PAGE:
They realized that since there is a need to maintain pressure in the cuff, it is then possible to maintain pressure using either air or liquid. At this point they tried to find out the effectiveness of the lidocaine in maintaining pressure while at the same time decreasing the incidence of side effects particularly sore throat, hoarseness and coughing. If the experiments prove successful then patients can benefit from the use of an ETT minus the side effects.
There can be two substances that can be used to maintain pressure: air or liquid. It was discovered that air causes exposure to hyperpressure because the gas used – nitrous oxide – diffuses more rapidly into the cuff but takes a slower time to be released out of the cuff. The improper pressure is creating damage to the pharyngeal mucosa. This is the reason why researchers turned to lidocaine as an alternative substance that can be used to create pressure while at the same time deliver a drug that will help minimize side effects.
The use of lidocaine is made possible by the fact that L-HCL placed inside ETT can readily be diffused across its hydrophobic membrane (Dollo, et al., 2001). It was hypothesized that the lidocaine would diffuse across the cuff to produce topical anesthesia on the trachea preventing a sore throat (Porter, 1999). Aside from providing anesthesia, lidocaine attenuates the cough reflex by action on the nerve ending found in the trachea this resulted in less coughing, bucking of the ETT, which in turn lessened the damage and irritation.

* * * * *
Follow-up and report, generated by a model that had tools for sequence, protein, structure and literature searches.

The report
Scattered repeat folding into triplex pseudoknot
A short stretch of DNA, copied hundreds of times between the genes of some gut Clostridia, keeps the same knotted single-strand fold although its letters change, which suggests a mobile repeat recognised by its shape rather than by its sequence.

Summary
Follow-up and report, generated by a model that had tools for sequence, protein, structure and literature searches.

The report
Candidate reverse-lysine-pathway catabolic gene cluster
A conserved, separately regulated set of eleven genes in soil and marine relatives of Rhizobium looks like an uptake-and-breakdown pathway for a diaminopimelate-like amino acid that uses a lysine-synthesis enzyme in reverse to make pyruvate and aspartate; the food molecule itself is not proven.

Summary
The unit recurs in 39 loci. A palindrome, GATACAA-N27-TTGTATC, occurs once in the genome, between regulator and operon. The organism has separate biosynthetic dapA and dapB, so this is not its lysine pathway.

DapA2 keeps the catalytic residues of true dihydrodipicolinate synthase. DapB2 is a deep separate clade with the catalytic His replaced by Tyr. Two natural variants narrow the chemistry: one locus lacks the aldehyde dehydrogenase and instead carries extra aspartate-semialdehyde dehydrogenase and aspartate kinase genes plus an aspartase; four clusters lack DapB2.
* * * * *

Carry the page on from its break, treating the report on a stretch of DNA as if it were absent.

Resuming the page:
The results from the different studies did not result in a unanimous decision in favor of lidocaine. In some studies there was a significant decrease in sore throat after postoperative surgery while in others there was no significant effects that would have allowed the proponents to declare that lidocaine is the answer to ETT complications such as coughing, sore throat, and hoarseness. There is a need to reexamine the methodology especially in the way lidocaine was administered as well as the patients that were allowed to participate in the study.
It appears that the researchers were very thorough in their preparation and were very careful in designing a methodology that would have yield conclusive results as to the effectiveness of lidocaine. For instance they used a control, a saline solution, to show that another type of fluid other than lidocaine was used to be able to compare if the liquid state of the material used to maintain pressure is not the reason for a decrease in pain. Aside from that those who had surgical procedures done on their face, ear, eye, nose or throat were excluded from the list of participants.
Exclusion criteria also included those who had history of chemotherapy or radiation therapy, history of liver disease, cardiac dysrhytmias or heart block, sensitivity and allergy to lidocaine, prior lidocaine, anticholinergic or steroid therapy, known difficult airway, difficult intubation, intubation less than 30 minutes; nasogastric tube placement; upper respiratory tract infection, preoperative sore throat, pregnancy, weight less than 35 kgs (Porter, 1999). The exclusion criteria is easily understandable because their conditions may increase the severity of the sore throat or decrease the effect of the drug.